No matter what was said or what actions were taken to remove the trespasser from the private property…the situation did not rise to a level where loss of life was a necessary outcome.   Killing another human being is an action “as a last resort” and it should not arise from the mere act of trespassing no matter how heated the situation may have become.

Vang Has A Documented History of Law Violations & Violence Toward Others

Police and DNR records show that Vang has had numerous contacts with law enforcement officials.   From over-harvest of crappies, to violence against his wife, the record appears to be clear that Vang has shown a certain propensity to act in a threatening manner and with disregard for proper lawful conduct.

Vang’s Demeanor After Arrest

Reports by the authorities have indicated that Vang was very calm and cooperative in the hours after arrest.   One would think that if he had acted in self-defense (having been fired upon first) this action would transfer into a more excited demeanor.   Instead, I sensed a certain calmness consistent with someone who knew their life was never being threatened.

Killing Was Execution Style

At one point one of the witnesses stated that when Vang found a victim still alive he stated something to the effect…oh, you’re not dead yet.   And shot the victim again in the back.   Others stated that Vang was actually chasing his victims before making the fatal shot.

Vang Did Not Seek Out The Authorities After The Shooting

Perhaps the biggest factor in my mind that negates a self-defense plea is the fact Vang was wearing full camouflage (by this time) and was not arrested for four hours afterwards.   A reasonable person would have attempted to notify the authorities and not acted in a manner to evade capture.

Eventually Vang Will Be Made Out To Be The Real Victim

As much as I hate to say it, the media and the Hmong community will twist the events of this horrific day and attempt to turn Vang into the real victim.   Even though six people lay dead, Vang will in time become the poster child, of sorts, for a community that feels it is disadvantaged and often threatened by the majority in this new land.   In time, I predict attitudes will shift to show Vang was a folk hero to his people because he lashed out to defend his honor.   This sort of thing has happened before with another much publicized killing that occurred over 20 years ago (read about that story here).

Conflicts Between Hmong and Whites Over Hunting Is Nothing New

The Hmong population seems to view hunting much differently as most of the rest of the sporting population.   For many Hmong, hunting is more of a subsistence hunting where game taken for the table is of paramount importance.   I remember once riding with a conservation officer in Minnesota over by Red Wing.   We stopped to check some Hmong hunters who had shot common songbirds, such a robins, for food.   I believe a successful hunt for them is bringing food back home for the family…no matter in what form it may be.   In contrast, many of us measure hunting success as spending quality social time with family and friends only to use hunting as the excuse for the get-together.   Attitudinal differences are bound to make hunting clashes between social groups somewhat inevitable.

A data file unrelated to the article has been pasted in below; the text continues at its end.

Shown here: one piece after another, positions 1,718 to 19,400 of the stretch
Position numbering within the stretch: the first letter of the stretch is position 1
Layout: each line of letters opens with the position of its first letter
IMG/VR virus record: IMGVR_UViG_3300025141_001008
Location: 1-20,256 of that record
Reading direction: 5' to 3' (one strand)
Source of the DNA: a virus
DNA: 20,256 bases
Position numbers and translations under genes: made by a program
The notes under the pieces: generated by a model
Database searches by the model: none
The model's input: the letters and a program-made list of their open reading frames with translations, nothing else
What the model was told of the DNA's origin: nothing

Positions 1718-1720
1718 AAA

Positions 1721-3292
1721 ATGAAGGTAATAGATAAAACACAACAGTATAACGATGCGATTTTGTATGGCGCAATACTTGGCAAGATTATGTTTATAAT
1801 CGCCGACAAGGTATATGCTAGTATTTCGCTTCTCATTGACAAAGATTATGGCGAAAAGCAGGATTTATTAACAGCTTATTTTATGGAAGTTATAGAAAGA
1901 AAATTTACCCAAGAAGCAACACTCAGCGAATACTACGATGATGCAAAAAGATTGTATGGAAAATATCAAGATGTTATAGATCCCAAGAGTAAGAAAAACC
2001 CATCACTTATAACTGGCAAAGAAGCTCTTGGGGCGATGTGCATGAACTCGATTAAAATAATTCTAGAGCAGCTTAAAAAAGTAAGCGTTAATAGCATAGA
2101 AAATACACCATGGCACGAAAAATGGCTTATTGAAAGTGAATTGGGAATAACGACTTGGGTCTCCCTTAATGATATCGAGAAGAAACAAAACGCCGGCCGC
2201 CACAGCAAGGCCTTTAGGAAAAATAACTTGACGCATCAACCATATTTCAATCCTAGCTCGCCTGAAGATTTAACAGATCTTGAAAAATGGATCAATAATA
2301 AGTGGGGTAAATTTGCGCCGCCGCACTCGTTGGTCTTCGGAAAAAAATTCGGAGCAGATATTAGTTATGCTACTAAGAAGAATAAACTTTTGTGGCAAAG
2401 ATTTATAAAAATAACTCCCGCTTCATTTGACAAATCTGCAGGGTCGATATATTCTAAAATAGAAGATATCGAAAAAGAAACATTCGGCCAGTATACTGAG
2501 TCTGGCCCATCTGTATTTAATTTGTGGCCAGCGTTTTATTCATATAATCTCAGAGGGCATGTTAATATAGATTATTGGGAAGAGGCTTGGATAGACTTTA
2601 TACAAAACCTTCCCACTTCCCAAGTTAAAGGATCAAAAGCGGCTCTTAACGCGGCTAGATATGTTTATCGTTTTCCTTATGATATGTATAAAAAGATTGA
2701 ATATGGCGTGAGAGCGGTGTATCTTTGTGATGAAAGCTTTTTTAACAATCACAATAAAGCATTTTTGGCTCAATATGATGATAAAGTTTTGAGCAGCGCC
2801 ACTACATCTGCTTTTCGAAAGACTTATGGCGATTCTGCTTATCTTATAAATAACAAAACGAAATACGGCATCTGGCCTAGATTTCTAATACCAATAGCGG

More Bullets Likely Would Have Meant More Dead

It’s apparent that Vang only stopped the killing after he exhausted his supply of 20 rounds of ammunition.   No doubt had he carried more ammunition there likely would be more people dead or injured at the end of this tragic day.

This Event Is Not Positive For The Image of All Sportsmen

The media has had a field day trying to paint a negative picture about hunters fighting over a tree stand.   But this is not about hunting, per se.   This incident is about controlling tempers and acting with rational behavior during a disagreement.   Nevertheless, hunting will be blemished by this incident and the anti-gunners will only point to the fact that the killer carried an “assault weapon” even though we know that definitionally this is not accurate.   Had the killer used a typical rifle with superior ballistics carried by most deer hunters it may have left fewer survivors in the aftermath, but the non-hunting public will never understand this fact.

No doubt about it this horrific story will see many more blog entries in the days, weeks and months to come.   I truly believe that the incident that happened in Wisconsin’s woods last Sunday will have long-lasting and interesting consequences, many of which we cannot possibly understand at this point.   My sincere hope is that some good comes out from this tragedy, perhaps in the form of greater cultural awareness.   The more we learn and the more we discover what went wrong will only serve to better understand how tragedies such as this can be prevented in the future.

© 2004 Jim Braaten. All Rights Reserved.   No Reproduction without Prior Permission.